What a pleasant surprise early this afternoon…
One of my favorite ‘Mississippi kids,’ longtime family friend, and ‘brother’ to my three kids, Reese Cobbins (pronounced: Ree-see Cobb-ins), from up in the delta area, near Greenwood, stopped by to see me early this afternoon, when he was driving his semi-truck west on I-10 from Alabama over to Nachez, to drop off a load of things for K-Mart stores.
Reese, who is 28, handsome, single, honest, hard-working, was born and raised in north central Mississippi, and spent time up in our home in Wisconsin during several summers as a member of our family, when he was growing up.
In doing so, he formed a very strong bond with all of us, which continues to this day. In fact, when our oldest son decided to get married about 7-8 years ago, he and his fiance asked Reese to be in their wedding, which was held about an hour north of St. Louis. Reese came up and had a great time.
Reese comes from a close-knit family, and currently has a small home on acreage owned and near by his grandfather, Norman, age 102, just west of Vaiden in Carroll County. Norman and his bride of 72 years, Willie, age 92, live about 100 yards from Reese, in a small ranch home, close by their original home.
My wife and I have been privileged to be good friends with Norman and Willie for the past 15 years, having spent several weeks staying with them in their home over the years. They are gracious and considerate hosts.
Reese’s parents, and one of his uncles and his family, also live nearby, about 100 yards on either side of Norman and Willie’s home. Several years ago, after a tragic, late night fire had destroyed their family home and all contents, four of us from Wisconsin were able to help Reese’s parents rebuild their home, by completely wiring the new home and furnishing the three, exterior steel doors for the new structure.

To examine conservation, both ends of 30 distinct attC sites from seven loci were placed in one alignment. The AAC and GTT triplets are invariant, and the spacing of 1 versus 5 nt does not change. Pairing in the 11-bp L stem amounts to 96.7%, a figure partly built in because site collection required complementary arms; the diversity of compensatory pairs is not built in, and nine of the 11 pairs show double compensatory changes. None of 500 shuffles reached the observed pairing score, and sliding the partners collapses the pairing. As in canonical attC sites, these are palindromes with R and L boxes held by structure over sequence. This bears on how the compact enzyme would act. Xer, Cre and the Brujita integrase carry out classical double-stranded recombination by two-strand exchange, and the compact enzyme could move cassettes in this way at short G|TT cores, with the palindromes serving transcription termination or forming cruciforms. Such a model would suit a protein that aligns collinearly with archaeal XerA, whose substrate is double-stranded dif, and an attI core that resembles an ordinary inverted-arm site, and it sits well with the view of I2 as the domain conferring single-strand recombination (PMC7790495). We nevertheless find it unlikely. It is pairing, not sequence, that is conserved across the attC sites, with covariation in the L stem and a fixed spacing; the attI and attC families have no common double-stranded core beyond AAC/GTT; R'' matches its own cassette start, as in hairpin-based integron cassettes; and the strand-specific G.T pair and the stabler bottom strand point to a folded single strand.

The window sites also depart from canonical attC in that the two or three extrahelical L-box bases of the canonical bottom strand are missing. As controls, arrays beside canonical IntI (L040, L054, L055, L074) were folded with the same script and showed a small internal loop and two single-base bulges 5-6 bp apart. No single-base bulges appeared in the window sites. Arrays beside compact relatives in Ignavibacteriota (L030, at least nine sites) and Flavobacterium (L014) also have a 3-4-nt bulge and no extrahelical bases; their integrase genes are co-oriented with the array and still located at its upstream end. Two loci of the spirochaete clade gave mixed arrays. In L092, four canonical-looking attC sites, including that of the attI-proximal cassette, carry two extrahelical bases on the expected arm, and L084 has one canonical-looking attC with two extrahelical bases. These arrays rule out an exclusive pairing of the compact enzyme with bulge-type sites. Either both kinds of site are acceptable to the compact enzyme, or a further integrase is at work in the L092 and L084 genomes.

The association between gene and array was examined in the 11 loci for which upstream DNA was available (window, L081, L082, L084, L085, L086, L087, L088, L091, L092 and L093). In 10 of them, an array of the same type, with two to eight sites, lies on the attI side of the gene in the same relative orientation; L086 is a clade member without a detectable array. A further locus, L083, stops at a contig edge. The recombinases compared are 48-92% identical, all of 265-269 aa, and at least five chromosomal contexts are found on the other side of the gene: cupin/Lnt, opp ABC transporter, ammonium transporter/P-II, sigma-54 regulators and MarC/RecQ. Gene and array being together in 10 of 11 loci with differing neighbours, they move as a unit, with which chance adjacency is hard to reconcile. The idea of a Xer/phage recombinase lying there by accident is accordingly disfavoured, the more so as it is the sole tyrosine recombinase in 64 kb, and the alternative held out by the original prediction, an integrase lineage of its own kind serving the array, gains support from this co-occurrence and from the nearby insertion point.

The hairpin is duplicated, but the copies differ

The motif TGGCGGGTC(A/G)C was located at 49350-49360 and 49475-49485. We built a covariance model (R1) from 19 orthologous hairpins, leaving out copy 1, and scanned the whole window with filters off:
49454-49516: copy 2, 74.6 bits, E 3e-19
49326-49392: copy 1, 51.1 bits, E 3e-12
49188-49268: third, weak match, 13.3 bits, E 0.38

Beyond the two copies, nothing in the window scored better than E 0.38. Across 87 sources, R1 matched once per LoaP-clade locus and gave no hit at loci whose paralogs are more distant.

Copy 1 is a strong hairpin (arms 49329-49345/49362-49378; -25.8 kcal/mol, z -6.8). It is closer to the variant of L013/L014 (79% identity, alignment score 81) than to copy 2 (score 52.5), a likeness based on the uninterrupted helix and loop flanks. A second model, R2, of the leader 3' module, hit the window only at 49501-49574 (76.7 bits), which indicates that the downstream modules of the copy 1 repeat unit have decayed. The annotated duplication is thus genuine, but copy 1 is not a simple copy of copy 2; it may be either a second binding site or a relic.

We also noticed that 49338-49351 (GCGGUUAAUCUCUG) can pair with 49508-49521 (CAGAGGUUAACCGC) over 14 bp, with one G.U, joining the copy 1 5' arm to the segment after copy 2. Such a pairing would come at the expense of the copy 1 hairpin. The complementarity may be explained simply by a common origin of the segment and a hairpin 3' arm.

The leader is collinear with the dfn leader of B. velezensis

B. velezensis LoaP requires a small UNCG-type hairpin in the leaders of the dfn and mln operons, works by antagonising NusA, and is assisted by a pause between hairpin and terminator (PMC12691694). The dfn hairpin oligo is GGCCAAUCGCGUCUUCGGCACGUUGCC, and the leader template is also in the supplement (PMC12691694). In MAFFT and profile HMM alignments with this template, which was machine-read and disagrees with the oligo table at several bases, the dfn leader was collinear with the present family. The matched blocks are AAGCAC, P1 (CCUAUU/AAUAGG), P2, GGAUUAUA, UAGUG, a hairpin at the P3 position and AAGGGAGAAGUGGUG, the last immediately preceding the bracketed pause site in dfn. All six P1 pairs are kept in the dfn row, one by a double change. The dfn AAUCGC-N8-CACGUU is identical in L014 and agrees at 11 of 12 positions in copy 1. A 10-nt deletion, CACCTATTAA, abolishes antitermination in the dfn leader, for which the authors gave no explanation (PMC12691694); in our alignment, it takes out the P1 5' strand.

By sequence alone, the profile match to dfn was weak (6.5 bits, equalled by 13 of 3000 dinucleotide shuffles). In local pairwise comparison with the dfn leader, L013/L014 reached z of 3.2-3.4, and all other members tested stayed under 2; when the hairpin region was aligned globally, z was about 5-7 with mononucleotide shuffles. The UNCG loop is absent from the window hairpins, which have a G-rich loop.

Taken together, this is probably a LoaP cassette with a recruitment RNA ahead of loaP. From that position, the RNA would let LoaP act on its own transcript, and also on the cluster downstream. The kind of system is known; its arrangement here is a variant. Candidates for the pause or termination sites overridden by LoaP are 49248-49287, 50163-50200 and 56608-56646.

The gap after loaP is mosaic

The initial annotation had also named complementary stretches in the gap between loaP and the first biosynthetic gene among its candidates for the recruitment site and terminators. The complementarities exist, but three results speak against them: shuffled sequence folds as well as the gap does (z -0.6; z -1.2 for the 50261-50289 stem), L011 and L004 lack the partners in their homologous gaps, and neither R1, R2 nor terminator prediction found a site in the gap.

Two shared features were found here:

Taught a strong work ethic by his parents, Reese has been employed as an owner-operator long-haul truck driver for several years for a large trucking firm out of Memphis, and spends most of his days driving the highways and byways of the U.S., delivering goods to a host of customers.
Reese admits he loves driving truck, and traveling, and usually gets home to see his parents and grandparents, about every two weeks or so. One thing he doesn’t like about his work, though, is the escalating price of diesel fuel he must purchase for his truck on an almost daily basis, especially when his fuel tanks holds 600 gallons of the high-priced stuff.
Prior to going over the road as a truck driver, Reese worked for one of his uncles driving a Tour Bus around the U.S., and also had a vehicle hauling business, and a business setting up and skirting mobile homes in central Mississippi.
Reese keeps in contact with the five of us in our family regularly, calling on his cell phone (using a Blue Tooth), during his travels all over the country. The brotherly bond he has with my kids is very strong and important to all of them. Our daughter also asked Reese to be in her wedding several years ago, but unfortunately, when Reese and his fiance started north to Wisconsin for the wedding from his home in Mississippi, he experienced car trouble and was unable to complete the trip.
In years past, when he was traveling in southern Wisconsin with his truck, he would stop by our Wisconsin home for the night, parking his truck in a nearby Industrial Park. I always like it when Reese is in the area and has time to stop by and visit.
Over the past 15 years, I have had the privilege of bringing many charitable volunteers to north central Mississippi, and most of them have been able to meet Reese and make his acquaintance. Reese makes it a point to periodically call as many of them as he has telephone numbers for, and keep their friendships alive. One of Reese’s many Wisconsin friends he calls regularly includes buddy, Maggie, Dammit.
Many is the time during the past 8 years when I have been visiting in Reese’s neighborhood on charitable mission work trips, and Reese has graciously and generously opened his home for me to stay in one of his bedrooms or on his couch.
A finer gentleman or friend, you cannot find anywhere.